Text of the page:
Since Huck is our first-person narrator, the whole story is told in his voice. And boy is it distinctive:
I didn't want to go back no more. I had stopped cussing, because the widow didn't like it; but now I took to it again because pap hadn't no objections... But by-and-by pap got too handy with his hick'ry, and I could't stand it. I was all over with welts. He got to going away so much, too, and locking me in. Once he locked me in and was gone three days. It was dreadful lonesome. (6)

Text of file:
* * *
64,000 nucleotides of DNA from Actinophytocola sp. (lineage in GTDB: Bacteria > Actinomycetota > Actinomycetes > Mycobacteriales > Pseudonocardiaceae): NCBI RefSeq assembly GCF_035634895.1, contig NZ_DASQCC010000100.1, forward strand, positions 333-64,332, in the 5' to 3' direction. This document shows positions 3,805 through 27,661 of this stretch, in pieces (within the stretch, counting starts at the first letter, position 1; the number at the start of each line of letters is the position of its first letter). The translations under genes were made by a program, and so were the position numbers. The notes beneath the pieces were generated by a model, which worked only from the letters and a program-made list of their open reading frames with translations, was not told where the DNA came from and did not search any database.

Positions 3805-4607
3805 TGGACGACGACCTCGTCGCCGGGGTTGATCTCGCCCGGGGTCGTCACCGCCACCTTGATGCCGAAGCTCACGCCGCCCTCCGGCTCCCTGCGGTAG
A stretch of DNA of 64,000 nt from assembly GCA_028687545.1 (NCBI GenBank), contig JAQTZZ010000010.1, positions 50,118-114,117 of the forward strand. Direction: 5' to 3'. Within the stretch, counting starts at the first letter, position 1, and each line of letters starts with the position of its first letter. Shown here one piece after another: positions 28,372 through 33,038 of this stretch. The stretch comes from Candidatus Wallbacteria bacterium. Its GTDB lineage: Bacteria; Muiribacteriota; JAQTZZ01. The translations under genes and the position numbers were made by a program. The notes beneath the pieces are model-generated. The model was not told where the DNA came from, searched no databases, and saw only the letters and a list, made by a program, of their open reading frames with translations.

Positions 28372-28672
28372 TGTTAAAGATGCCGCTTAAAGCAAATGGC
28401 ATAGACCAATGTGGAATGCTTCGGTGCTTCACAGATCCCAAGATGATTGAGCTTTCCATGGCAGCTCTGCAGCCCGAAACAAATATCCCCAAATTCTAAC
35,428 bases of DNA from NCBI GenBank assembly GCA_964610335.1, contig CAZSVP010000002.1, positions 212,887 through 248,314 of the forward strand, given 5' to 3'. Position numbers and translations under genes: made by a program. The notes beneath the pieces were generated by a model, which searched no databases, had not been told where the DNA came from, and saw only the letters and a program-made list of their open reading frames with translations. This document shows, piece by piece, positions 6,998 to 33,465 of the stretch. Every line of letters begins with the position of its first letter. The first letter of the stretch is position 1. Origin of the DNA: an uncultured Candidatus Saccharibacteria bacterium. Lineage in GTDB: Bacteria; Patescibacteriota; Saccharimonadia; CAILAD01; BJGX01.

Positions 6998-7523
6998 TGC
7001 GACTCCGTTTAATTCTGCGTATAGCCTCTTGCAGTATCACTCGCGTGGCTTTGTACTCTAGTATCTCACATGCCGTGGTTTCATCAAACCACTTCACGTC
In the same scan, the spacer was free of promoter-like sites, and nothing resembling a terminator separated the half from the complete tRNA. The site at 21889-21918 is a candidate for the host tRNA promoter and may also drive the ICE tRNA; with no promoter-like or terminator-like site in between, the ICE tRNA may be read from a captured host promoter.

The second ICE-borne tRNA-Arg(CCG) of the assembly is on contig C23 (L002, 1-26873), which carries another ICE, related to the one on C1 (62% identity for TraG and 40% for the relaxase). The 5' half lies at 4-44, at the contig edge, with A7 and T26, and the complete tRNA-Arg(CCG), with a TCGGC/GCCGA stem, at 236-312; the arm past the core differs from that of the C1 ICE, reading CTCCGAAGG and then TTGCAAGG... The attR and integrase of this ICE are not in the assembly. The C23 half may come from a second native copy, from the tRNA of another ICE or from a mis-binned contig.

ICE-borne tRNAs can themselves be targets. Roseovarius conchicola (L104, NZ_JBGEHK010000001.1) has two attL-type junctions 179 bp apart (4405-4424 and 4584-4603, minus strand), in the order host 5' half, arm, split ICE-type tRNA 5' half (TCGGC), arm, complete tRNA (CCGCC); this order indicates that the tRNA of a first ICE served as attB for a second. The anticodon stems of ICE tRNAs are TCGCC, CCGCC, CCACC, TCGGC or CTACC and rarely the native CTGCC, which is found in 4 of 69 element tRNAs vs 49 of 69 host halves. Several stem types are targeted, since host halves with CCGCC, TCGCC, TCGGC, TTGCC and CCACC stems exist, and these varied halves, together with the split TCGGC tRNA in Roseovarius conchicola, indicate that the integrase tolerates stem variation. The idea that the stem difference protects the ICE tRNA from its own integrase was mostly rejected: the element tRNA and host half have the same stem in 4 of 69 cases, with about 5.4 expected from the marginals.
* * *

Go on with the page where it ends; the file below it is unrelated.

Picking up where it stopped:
The grammar isn't perfect, and Twain writes the way Huck Finn talks (hence all the apostrophes subbing for unpronounced letters). And you can tell by the way he talks about pap's abuse—that he got "too handy with his hick'ry"—that he just accepts the beatings as a part of life. Behind the colloquial and friendly tone, it's actually kind of sad.
Besides nailing Huck's education level, social background, and personality, Twain succeeded in telling the story convincingly through the eyes of a thirteen-year-old. (At least, we think so.) The novel drips with dramatic irony, when we can pick up on certain subtext even when Huck doesn't. Like all those conversations where Huck thinks he's fooling somebody into believing one of his lies?